these statistics from todays discussion over at dailykos.com

Quote:
Check it -- Republicans are now down to 40 senators, distributed in these states: AK: 1, AL: 2, AZ: 2, FL: 1, GA: 2, ID: 2, IN: 1, IA: 1, KS: 2, KY: 2, LA: 1, ME: 2, MS: 2, MO: 1, NE: 1, NH: 1, NV: 1, NC: 1, OH: 1, OK: 2, TN: 2, SC: 2, SD: 1, TX: 2, UT: 2, and WY: 2.

Republicans are present in 26 states, which doesn't sound so bad. But it means that almost half the country doesn't have any Republican Senators. Only 14 states lack a Democratic Senator.


Ohio, Missouri, New Hampshire, and North Carolina (and maybe even Florida if Crist doesn't jump in for the GOP), are all top candidates for sending two Democrats to the Senate after the 2010 elections. That would further shrink the GOP into its deep South and Mormon Corridor strongholds.


Of the GOP's remaining 40 senators, 17 of 24 come from the South (FL, NC, SC, AL, MS, GA, VA, TN, KY, LA, AR, TX). That's up from 15 after the 1998 election.


Of those remaining 40 senators, only 3 of 24 come from the Northeast (ME, VT, NY, MD, PA, CT, DE, MA, NH, RI, WV, NJ). That's down significantly from 9 after the 1998 election.


Of those remaining 40 senators, only 10 of 26 come from the West (NM, CA, OR, WA, AK, HI, MT, ID, UT, NV, AZ, WY, CO). That's down from 16 after the 1998 election.


Of those remaining 40 senators, only 10 of 26 come from the Midwest (IL, MN, MI, OH, WI, IA, MO, KS, IN, ND, SD, OK, NE). That's down from 14 after the 1998 election.
So check it -- there is only one region the GOP dominates, and it does so with a solid majority. That's the South, and there's a reason it remains the only region in the country to have a problem with our president and the Democratic majority.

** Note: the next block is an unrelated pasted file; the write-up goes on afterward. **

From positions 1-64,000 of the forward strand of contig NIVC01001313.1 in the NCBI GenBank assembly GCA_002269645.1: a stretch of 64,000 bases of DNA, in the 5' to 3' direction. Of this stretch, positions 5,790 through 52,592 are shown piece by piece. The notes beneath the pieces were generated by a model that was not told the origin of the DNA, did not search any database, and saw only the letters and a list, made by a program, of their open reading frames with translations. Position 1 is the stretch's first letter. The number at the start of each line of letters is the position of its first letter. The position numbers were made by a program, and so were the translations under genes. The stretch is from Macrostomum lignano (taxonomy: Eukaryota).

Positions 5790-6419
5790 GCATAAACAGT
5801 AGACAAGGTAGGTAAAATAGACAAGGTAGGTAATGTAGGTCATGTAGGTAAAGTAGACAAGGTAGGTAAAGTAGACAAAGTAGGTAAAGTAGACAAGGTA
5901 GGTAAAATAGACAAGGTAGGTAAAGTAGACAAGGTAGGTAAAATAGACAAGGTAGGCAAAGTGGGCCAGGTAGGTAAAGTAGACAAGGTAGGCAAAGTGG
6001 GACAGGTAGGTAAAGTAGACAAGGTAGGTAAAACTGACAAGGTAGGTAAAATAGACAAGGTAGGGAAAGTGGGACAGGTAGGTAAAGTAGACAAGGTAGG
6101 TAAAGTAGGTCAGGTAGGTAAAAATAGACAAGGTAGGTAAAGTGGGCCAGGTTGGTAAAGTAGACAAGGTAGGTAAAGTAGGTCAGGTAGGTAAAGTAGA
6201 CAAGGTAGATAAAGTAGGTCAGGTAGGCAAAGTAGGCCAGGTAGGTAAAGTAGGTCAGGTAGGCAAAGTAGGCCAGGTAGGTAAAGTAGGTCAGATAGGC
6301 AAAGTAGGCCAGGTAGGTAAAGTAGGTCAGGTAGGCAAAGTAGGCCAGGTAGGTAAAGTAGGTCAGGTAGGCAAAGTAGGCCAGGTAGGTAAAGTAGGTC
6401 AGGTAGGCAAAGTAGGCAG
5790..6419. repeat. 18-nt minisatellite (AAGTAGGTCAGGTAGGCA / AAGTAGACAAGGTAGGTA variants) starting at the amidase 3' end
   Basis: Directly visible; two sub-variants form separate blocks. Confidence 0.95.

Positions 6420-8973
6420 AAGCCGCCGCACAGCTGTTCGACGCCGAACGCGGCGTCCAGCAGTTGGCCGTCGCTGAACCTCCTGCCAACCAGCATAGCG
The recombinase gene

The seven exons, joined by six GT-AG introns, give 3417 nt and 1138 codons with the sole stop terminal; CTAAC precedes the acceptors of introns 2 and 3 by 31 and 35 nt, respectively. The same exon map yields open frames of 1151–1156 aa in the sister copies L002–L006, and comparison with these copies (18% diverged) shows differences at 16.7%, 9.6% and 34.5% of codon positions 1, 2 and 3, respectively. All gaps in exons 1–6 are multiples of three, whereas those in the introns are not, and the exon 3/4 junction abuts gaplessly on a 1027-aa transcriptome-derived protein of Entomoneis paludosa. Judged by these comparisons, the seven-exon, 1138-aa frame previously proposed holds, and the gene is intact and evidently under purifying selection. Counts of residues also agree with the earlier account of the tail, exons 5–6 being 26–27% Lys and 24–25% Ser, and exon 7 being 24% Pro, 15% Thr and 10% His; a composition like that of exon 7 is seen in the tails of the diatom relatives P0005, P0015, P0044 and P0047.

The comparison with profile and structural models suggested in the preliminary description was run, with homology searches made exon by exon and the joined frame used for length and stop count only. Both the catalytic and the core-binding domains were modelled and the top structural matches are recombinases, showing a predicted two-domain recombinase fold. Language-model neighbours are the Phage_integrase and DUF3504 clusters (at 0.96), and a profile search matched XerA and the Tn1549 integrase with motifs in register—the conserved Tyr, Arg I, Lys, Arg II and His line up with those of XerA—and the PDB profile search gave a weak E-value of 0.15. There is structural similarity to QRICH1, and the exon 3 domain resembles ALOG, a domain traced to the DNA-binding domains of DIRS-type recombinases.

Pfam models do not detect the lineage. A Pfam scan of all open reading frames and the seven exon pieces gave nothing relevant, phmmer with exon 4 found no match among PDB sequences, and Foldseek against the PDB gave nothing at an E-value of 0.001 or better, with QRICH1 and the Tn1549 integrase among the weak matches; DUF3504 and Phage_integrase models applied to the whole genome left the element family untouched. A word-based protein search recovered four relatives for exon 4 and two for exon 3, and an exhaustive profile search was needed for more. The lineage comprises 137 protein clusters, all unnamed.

Lifelong Republican conservative Pat Buchanan on MSNBC said pretty much the same thing at 4:34 PM Eastern time. He said the demographics of the changing America are against the Republican party since it is pretty much the conservative white mans party.

Ara-anna... thanks for that information and exceptions duly noted and thanked. ;)

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There are two novels that can change a bookish fourteen-year old's life: The Lord of the Rings and Atlas Shrugged. One is a childish fantasy that often engenders a lifelong obsession with its unbelievable heroes, leading to an emotionally stunted, socially crippled adulthood, unable to deal with the real world. The other, of course, involves orcs. - John Rogers


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PostPosted: Tue 28 Apr , 2009 8:57 pm 
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I have no doubt that the Republicans will find a new coalition and come back, eventually. But for now, they seem to be spiraling down even further. They need to ditch the culture warriors. There was always cognitive dissonance--how can the party of less government interference get so involved in government prohibiting gay marriage/Terry Shiavo/abortion?


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PostPosted: Tue 28 Apr , 2009 10:00 pm 
Because those are moral/ethical issues, not issues involving the size of government.

freddy